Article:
On a road near where we used to live a year ago stood a large peepal tree. The school bus stopped here in the mornings to pick up my son Rajat. The Buddha attained enlightenment while meditating under a peepal tree. While we were certainly not similarly blessed, we did spend many pleasant mornings laughing and learning under our peepal’s leafy branches as we waited for the school bus.
Legend has it that Emperor Ashoka so revered the peepal under which Gautama gained enlightenment that he lavished necklaces of gems and pearls on it. Our peepal also sported adornments, albeit of a different sort, including signs for PG hostels, one for the JMJ beauty salon for men and women and a tyre advertising a “puncher shop”.
Rajat and I usually sat on a stone platform under the tree as we waited for his bus, often watching kites alight in the upper branches before swooping down on unsuspecting victims. The morning breeze sometimes set the leaves fluttering and occasionally sent some floating down, to be eagerly picked up by Rajat. We talked about different leaf shapes and how Ruskin Bond likens the peepal leaves to the perfect male physique: from the neck-like stalk, the leaf edges run out straight like broad shoulders to either side before curving around and tapering to a waist-like tip. We talked of drip tips – the pointed leaf tip – and how they helped leaves stay dry. When we read about seed dispersal in one of his books, Rajat was tremendously excited the next morning when he spotted some bird droppings under the tree with some seeds in them. Would they grow into more peepals?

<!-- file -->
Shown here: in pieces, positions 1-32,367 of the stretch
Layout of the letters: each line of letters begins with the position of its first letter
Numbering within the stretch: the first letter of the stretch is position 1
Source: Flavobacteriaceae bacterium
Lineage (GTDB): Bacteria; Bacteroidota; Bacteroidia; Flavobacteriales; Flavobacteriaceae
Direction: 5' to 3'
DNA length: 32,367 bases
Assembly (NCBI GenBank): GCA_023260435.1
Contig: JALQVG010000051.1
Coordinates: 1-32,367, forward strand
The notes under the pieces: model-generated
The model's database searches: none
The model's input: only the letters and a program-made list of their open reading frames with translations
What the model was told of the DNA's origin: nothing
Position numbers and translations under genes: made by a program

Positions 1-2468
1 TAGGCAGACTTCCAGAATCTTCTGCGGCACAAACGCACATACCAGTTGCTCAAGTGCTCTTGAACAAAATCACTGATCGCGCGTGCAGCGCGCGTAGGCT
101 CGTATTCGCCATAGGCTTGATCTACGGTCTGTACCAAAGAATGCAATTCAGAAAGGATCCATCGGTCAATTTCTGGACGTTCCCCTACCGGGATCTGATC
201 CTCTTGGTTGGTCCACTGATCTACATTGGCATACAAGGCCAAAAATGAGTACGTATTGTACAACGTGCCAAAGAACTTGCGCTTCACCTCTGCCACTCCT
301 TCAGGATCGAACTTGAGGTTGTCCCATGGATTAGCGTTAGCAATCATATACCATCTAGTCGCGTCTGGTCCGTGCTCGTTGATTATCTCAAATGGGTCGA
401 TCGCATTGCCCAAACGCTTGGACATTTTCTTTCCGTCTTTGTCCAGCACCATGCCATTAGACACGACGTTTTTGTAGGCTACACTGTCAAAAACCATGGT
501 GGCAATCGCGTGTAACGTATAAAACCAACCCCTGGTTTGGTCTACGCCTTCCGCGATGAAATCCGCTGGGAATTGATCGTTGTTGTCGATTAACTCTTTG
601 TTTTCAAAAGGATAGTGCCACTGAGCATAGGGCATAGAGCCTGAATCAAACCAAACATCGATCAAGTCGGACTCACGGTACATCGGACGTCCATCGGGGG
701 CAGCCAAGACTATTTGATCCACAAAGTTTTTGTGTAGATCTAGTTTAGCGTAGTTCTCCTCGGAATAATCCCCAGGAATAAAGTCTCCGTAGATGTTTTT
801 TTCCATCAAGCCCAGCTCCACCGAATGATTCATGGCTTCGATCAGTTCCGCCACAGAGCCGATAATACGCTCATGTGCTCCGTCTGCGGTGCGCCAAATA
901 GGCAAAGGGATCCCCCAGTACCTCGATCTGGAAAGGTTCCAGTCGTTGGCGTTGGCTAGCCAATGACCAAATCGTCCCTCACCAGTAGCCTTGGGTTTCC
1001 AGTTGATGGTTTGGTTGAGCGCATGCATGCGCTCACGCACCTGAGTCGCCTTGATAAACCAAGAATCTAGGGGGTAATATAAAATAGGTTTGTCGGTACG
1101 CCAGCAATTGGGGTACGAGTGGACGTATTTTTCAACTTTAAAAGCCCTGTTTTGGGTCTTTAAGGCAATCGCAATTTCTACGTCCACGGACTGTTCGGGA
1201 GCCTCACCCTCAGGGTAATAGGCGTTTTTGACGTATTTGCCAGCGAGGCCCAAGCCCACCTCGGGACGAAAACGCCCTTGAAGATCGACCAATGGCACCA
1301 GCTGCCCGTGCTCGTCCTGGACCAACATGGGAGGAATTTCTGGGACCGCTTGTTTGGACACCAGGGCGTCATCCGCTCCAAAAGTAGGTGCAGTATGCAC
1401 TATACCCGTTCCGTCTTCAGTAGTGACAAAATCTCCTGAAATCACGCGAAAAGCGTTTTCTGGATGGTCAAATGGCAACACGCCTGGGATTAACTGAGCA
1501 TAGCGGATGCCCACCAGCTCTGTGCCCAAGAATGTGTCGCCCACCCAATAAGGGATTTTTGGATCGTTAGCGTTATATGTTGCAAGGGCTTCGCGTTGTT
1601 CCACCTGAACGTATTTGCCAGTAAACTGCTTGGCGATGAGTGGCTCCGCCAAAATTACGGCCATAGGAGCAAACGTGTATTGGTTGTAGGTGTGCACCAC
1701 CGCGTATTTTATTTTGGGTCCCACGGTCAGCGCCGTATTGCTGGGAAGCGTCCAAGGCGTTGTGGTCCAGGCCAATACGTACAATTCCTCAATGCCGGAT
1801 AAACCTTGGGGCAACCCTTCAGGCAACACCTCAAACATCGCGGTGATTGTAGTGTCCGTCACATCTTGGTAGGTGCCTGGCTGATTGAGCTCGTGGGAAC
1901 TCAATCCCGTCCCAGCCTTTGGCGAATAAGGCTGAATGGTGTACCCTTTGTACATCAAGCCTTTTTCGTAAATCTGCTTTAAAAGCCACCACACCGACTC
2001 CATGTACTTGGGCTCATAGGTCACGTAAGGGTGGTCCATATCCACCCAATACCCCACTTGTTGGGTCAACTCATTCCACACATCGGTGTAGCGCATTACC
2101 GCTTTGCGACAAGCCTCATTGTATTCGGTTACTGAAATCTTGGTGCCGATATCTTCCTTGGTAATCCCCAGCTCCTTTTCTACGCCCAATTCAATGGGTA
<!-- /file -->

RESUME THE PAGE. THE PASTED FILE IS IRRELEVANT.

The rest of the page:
One day, Rajat was suddenly alarmed: “Amma, look, the tree is dying. Its leaves are falling off on some of the branches.” Relief flooded his face a couple of days later when tender pink leaves began peeping out, leading to another round of questions starting with why the young leaves were red.
Summer came around, school closed and with it, the peepal was forgotten. And then all too soon, it was June. School re-opened and as we reached our bus-stop, we stopped dead in shock and disbelief. Work was progressing at a frenetic pace near our bus-stop. Bull dozers roared, road rollers screeched and men in hard hats supervised the tarring and widening of the service road. Of our regal, genial and generous peepal tree, there was not a trace – no stray leaves that had escaped the carnage, no roots, no wood, not even a stump. It had disappeared almost overnight.
I still remember the date: 5th June, World Environment Day.